JACK-A-ROE is another Tom Paley ballad (Tom, one of the original New Lost City Ramblers) the young virgin follows her heart (which can't be confined) & in it the secrets of the universe. "there was a wealthy merchant" wealthy & philosophically influential perhaps with an odd penchant for young folk. the song cannot be categorized -- is worlds away from reality but "gets inside" reality anyway & strips it of its steel and concrete. inverted symmetry, legally stateless, traveling under a false passport. "before you step on board, sir..." are you any good at what you do? submerge you personality.

DELIA is one sad tale-two or more versions mixed into one. the song has no middle range, comes whipping around the corner, seems to be about counterfeit loyalty. Delia herself, no Queen Gertrude, Elizabeth 1 or even Evita Peron, doesn't ride a Harley Davidson across the desert highway, doesn't need a blood change & would never go on a shopping spree. the guy in the courthouse sounds like a pimp in primary colors. he's not interested in mosques on the temple mount, armageddon or world war 111, doesn't put his face in his knees & weep & wears no dunce hat, makes no apology & is doomed to obscurity. does this song have rectitude? you bet. toleration of the unacceptable leads to the last round-up. the singer's not talking from a head full of booze.

Jerry Garcia showed me TWO SOLDIERS (Hazel & Alice do it pretty similar) a battle song extraordinaire, some dragoon officer's epaulettes laying liquid in the mud, physical plunge into Limitationville, war dominated by finance (lending money for interest being a nauseating & revolting thing) love is not collateral. hittin' em where they ain't (in the imperfect state that they're in) America when Mother was the queen of Her heart, before Charlie Chaplin, before the Wild One, before the Children of the Sun -- before the celestial grunge, before the insane world of entertainment exploded in our faces -- before all the ancient & honorable artillery had been taken out of the city, learning to go forward by turning back the clock, stopping the mind from thinking in hours, firing a few random shots at the face of time.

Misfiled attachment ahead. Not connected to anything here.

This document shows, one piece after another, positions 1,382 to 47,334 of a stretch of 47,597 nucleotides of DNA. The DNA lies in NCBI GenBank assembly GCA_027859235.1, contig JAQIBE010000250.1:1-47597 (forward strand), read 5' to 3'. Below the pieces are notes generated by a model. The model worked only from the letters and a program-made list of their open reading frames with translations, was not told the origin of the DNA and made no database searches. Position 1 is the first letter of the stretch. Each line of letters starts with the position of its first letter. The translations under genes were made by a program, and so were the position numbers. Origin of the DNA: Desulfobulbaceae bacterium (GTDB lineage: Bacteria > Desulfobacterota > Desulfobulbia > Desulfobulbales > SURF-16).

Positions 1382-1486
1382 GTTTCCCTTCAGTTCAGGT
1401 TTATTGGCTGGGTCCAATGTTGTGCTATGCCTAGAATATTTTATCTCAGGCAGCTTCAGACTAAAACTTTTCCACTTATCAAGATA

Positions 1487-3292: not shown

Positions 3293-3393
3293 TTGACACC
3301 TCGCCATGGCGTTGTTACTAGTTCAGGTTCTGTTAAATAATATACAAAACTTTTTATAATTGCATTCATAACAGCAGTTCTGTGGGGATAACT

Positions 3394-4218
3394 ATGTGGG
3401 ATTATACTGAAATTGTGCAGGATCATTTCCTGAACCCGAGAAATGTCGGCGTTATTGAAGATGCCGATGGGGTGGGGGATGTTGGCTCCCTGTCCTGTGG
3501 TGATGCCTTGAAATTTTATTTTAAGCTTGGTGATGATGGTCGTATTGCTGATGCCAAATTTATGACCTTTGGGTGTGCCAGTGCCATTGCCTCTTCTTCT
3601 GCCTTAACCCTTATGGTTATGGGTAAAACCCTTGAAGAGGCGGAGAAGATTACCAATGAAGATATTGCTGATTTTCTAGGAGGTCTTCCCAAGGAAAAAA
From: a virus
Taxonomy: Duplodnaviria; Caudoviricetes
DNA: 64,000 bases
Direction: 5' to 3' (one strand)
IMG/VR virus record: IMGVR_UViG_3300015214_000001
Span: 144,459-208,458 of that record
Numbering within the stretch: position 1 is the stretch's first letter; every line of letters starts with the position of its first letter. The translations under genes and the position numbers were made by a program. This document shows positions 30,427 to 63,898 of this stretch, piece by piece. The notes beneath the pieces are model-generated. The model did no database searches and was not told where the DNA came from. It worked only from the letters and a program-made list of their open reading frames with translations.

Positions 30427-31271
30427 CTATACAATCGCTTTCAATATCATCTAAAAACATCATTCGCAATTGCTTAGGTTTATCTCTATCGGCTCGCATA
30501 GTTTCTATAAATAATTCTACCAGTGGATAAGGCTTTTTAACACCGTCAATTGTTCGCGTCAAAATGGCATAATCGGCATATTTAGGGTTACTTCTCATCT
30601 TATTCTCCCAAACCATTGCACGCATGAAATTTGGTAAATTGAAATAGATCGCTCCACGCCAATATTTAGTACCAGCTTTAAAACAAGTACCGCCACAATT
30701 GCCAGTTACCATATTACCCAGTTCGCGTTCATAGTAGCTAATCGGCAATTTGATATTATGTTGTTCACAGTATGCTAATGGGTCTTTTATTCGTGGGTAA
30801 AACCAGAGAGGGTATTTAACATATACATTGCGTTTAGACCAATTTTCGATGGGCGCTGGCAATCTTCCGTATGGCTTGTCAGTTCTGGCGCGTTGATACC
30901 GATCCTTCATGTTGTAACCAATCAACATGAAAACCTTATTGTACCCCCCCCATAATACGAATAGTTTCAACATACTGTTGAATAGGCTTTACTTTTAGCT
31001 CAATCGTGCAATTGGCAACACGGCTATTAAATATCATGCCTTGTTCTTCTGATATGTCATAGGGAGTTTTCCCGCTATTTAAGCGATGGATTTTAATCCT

RAGGED & DIRTY one of the Willie Browns did this -- schmaltz & pickled herring, stuffed cabbage, heavy moral vocabulary -- sweetness & sentiment, house rocking, superior beauty, not just standing there -- the seductive magic of the thumbs up salute, carefully thought out overtones & stepping sideways, the idols of human worship paying thru the nose, lords of the illogical in smoking jackets, sufferers from a weak education, pieces of a jigsaw puzzle -- taking stupid chances -- being mistreated only just so far.

LONE PILGRIM is from an old Doc Watson record. what attracts me to the song is how the lunacy of trying to fool the self is set aside at some given point. salvation & the needs of mankind are prominent & hegemony takes a breathing spell. "my soul flew to mansions on high" what's essentially true is virtual reality. technology to wipe out truth is now available. not everybody can afford it but it's available. when the cost comes down look out! there wont be songs like these anymore. factually there aren't any now.

by the way, don't be bewildered by the Never Ending Tour chatter. there was a Never Ending Tour but it ended in '91 with the departure of guitarist G.E. Smith. that one's long gone but there have been many others since then. The Money Never Runs Out Tour (fall of '91) Southern Sympathizer Tour (early '92) Why Do You Look At Me So Strangley Tour (European '92) The One Sad Cry of Pity Tour (Australia & West Coast America '92) Principles Of Action Tour (Mexico -- South American '92) Outburst Of Consciousness Tour ('92) Don't Let Your Deal Go Down Tour('93) & others too many to mention each with their own character & design. to know which was which consult the playlists.
-- Bob Dylan

Produced by Bob Dylan
Recorded and mixed by Micajah Ryan